If you are interested in continuing to follow me, head over to It is a WordPress hosted site so you can still use your WordPress login to follow!

Of course, you can use email too. I am concentrating on that site and already migrated all the blog from this one, except this particular post!

This address ( will soon direct there as a forwarding service so this will go back to the original WordPress url i got back when! And this is likely the last post here. Ill keep the account open for a few more weeks and the. Close it completely. If you are interested in the development of the film… head over there…

Thank you all for the support and hope to continue seen you! I will go and stalk you back from Daca Daguao Digital Design, LLC! 🙂

Logging off.


Time to say goodbye.

Hi, those of you who are following this blog, bad news first, good news later.

First, bad news. I am closing this account eventually in the next few weeks. I am transitioning to concentrating more on my financing efforts for the production of the film and this blog is getting neglected. Oooff! that was hard.

Now the good news, the blog is transferring with me to as part of a consolidation method. It is still a WordPress powered system (I did not have to do much to transition, that is cool) and you can follow me there (I don’t think it “transferred” you, sorry! If you like to keep track of the production you will have to go and follow me there.

It has been great and you guys rock! I really don’t want to loose you, but I will understand if this is too much of an inconvenience. That address above (daca) is where the main merchandise store resides so you will be greeted by the products instead of the blog itself, if you go directly to the site. If you follow one of the emails you get when I update the blog you should not have to deal with the merchandise (although I would not mind if… 🙂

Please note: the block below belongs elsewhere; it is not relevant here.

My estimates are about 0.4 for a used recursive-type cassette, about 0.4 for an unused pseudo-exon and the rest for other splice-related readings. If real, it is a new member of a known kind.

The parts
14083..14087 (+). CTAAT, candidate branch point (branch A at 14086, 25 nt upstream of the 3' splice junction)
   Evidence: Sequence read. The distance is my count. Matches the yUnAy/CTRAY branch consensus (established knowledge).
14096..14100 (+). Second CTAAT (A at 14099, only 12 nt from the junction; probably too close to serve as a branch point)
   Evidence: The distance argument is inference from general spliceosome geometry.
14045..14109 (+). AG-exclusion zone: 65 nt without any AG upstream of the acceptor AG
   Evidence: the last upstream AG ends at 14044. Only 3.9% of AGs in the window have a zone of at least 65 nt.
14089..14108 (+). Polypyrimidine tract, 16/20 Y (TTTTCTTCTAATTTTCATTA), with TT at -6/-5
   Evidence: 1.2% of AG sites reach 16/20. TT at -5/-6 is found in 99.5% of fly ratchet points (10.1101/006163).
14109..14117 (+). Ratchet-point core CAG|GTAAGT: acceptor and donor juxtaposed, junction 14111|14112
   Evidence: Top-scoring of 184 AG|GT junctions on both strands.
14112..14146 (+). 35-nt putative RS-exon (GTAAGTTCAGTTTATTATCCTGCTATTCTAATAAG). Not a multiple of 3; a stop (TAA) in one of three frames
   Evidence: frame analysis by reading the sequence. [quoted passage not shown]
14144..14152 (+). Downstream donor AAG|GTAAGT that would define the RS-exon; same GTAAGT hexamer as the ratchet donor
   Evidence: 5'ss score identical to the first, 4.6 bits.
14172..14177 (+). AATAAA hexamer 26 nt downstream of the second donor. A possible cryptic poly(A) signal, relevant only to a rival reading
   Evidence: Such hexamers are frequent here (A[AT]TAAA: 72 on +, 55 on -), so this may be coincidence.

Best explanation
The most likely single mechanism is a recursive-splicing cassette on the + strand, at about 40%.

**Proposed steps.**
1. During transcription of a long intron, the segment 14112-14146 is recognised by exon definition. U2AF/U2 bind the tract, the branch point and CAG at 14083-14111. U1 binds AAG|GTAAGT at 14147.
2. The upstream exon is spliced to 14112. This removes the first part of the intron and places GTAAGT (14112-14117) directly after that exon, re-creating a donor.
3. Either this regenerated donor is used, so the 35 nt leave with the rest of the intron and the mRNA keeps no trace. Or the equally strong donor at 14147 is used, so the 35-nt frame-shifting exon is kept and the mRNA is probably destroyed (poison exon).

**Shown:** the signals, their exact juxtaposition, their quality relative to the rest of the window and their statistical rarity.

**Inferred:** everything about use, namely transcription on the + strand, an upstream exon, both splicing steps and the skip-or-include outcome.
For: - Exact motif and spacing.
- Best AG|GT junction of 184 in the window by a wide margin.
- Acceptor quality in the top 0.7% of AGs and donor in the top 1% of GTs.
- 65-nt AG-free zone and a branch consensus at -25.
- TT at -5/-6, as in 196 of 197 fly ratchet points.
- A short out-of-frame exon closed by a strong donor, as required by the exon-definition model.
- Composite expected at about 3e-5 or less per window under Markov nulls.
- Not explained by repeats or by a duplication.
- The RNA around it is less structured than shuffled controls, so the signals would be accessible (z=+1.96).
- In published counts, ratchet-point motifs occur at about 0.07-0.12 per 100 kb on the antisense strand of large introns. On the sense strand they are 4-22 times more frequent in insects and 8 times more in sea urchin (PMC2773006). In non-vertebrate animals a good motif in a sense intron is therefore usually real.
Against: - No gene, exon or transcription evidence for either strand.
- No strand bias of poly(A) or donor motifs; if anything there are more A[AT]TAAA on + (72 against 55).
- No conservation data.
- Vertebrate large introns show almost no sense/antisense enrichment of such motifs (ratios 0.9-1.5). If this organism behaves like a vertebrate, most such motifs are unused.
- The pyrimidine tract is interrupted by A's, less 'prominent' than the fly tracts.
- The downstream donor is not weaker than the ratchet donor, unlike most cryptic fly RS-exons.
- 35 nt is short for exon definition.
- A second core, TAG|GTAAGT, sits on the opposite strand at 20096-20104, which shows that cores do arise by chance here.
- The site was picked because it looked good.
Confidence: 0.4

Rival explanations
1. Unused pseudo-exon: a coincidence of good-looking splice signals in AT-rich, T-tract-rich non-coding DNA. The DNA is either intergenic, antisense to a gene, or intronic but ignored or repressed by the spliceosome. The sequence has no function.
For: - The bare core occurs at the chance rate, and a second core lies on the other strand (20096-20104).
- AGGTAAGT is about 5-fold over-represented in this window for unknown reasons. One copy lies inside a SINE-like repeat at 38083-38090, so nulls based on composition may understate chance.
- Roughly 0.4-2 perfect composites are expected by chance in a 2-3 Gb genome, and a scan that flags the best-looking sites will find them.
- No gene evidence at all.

Thanks for all the advice, and guidance from those that are more experienced than me. I am certainly appreciative of your effort!

The beginning of Financing efforts.

How can you help the production? – December 5, 2018

Recently, a campaign was started at Patreon to help with financing the production of the film. As you can imagine a 3d animated production requires both time, assets and the artists that are involved in producing them. I do not want to have non-paid interns, students or “friends” working on the film. My freelance career is not enough to back the production. That is where you can help!

Become a Patron!

With your patronage, not only will I eventually concentrate full time on the production, but I will be able to hire other artists. The company mission statement states:

Daca Daguao Digital Design is an Oregon limited-liability company formed for the development and production of socially-relevant themed films with a secondary objective of developing Hispanic-themed films as well as the employment of Hispanic and other minority actors in primary roles and with visual/audio artists that have been displaced by the industry.

Animation is a tough industry now days. Digital art has made it possible for unscrupulous companies to shortchange artists’ efforts and professional ethics in search for profit. Artists are discarded constantly from major studios because of silly reasons like marriage, family life or the want and dream of owning a home and setting down roots. Sounds silly, right? Well, it does not make it less real.

I want to change that or at least do my part to bring the arts back to the artists and both work for societies (not only English cultures but also Spanish and eventually other languages) justice and positive commentary.

How about it? Want to help? If so, just head to Patreon with the button above. At this time is just me, but hopefully with your help, I can say “we” are making a difference if just for a few people at a time, at this time.

MFA Thesis – Excerpt 23

“Blender 3D breaks the barrier of economic oppression without trying. Blender 3D was not created with the goal of giving the disadvantaged an opportunity to have a voice. Yet, inequality in the art field is being reduced by devoted developers who see the creation of solutions as the goal of their endeavor. Artists who are not part of the VFX or elite commercial studios now have access to tools of equal and sometimes higher quality without the burden of an unreachably high capital investment. A fine art artist equipped with open source hardware like Blender, Gimp, Inkscape, Scribus, and others has a fully functional production house literally at his fingertips. Not to mention the availability of open source office software for the business side of the studio, like LibreOffice, OpenOffice, TurboCASH, LedgerSMB and others.